Posted in about me, ebb & flow, education

Reflections on a week of pandemic teaching

The district where I work had students in the grades I teach start back to school this week on Monday. It’s been … interesting. I can’t speak to whether this can be generalized to anyone else’s experience—this write up is just what my week has been like.

First, like many other things the last six months, it’s weird. Some parts are better than online teaching was; some parts are worse.

My district, like many others, has much more emphasis on sanitizing surfaces and students not sharing materials and less emphasis on aerosols. In their homerooms, students can have a pencil box or something with all of their tools in it—pencils, pens, markers, crayons, etc. I don’t want to acquire or store pencil boxes for all of my students but I have had to rethink how I do some things so they don’t need pencils yet.

We are all (or mostly all) wearing masks. I have encountered a handful of employees not wearing them or not wearing them much; it’s frustrating.

It’s hard to stay hydrated when wearing a mask all day. I’m frequently thirsty.

“Pull your mask up over your nose” or some variation of that is the current winner for statement most often used. Most of the students don’t pull them down—the masks just don’t fit well and fall down.

One student yesterday had a mask with tight elastic; it was hurting his ears and pulling them forward. I was able to rig up a strap across the back of his head using two paperclips and a rubber band. It looked a little silly, but he felt much better and wore it happily.

I’m a traveling teacher, and in the car between schools, I take off my mask, drink a lot of water, and sing all the way school to school. I don’t know if it’s the different breathing that singing requires or what, but it feels really good to put on some tunes and sing along for my car trip.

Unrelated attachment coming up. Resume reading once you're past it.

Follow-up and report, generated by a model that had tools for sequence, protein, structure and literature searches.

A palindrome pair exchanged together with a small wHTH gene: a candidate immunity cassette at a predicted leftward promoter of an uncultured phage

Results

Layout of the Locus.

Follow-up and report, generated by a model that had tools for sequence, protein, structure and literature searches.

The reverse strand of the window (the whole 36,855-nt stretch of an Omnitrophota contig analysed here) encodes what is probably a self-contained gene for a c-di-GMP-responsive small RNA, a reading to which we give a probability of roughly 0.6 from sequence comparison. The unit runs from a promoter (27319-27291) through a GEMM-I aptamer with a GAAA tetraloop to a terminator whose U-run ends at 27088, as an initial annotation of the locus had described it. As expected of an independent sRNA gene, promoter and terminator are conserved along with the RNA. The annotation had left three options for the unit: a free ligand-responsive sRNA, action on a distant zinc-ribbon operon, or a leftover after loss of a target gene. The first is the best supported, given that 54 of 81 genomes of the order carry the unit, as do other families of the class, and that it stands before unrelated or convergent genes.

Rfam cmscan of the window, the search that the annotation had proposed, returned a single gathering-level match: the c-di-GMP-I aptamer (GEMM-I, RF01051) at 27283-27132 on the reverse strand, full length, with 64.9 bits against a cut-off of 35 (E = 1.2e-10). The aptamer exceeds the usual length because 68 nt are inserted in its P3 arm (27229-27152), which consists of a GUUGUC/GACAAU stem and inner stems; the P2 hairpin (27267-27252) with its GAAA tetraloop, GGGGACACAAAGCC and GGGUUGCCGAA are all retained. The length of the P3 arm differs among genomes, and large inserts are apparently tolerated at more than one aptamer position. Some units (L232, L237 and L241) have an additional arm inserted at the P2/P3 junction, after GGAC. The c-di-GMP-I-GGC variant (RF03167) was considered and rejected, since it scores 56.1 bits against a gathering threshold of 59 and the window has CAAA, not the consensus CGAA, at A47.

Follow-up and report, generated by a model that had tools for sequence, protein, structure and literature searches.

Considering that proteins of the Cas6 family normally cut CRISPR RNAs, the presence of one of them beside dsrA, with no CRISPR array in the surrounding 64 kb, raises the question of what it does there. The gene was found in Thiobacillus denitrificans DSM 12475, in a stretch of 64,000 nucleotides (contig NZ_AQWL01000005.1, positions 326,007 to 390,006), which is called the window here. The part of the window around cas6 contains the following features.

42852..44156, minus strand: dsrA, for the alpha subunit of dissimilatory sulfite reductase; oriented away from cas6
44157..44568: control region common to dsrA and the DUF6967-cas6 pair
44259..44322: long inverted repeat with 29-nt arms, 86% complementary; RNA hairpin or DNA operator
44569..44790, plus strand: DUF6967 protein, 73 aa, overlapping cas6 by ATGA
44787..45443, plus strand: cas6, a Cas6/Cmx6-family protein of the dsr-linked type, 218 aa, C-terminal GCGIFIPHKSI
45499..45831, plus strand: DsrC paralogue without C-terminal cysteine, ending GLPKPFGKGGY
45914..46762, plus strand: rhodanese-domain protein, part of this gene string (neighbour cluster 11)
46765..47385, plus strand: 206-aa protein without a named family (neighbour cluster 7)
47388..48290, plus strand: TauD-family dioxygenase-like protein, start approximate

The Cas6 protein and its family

Some students are happy to be back. Others have said they’d rather do school online than school with a mask on and distanced from their friends.

Actually keeping kids six feet apart is an exercise in futility.

When I have enough space, I can seat them that way. Only a few have refused to leave their chair where I put it.

Getting them to and from my room is another matter. At six feet apart, a class could stretch out 30 or 40 yards. (My biggest class has 22 students.)

With students seated spaced apart and masked, the talkers just talk louder. It’s more difficult to know who’s talking. I’m mostly deaf in my right ear and rely heavily on visual cues. Some are still present—kids still look at each other when they’re talking to each other—and many are absent. It’s challenging.

I’ve seen each student three or four times, depending on which small group they’re in and whether they’ve been present in school. I don’t know most names yet. Both of my schools are uniform schools (students wear khaki pants or shorts and specific-colored polo shirts) which makes learning students’ names more challenging. Add masks, and it’s been a struggle. I’ll get there, but it’s going to take a little longer than usual, I think.

All that said, it wasn’t a bad week at all. Just challenging and tiring and different.

And long. I’m grateful to have the weekend to regroup.

Posted in Sunday photos

My photography journey 20Sept20

The Kid discovered that pushing the water towards the wall of the pool would make it splash out. It seems this took a long time to discover. I was fresh out of the cold water, sitting in the corner on the deck, trying to stay dry = good incentive to figure out how to splash without splashing.

We agreed that it would be fun to take some shots of the water splashing, and we were right!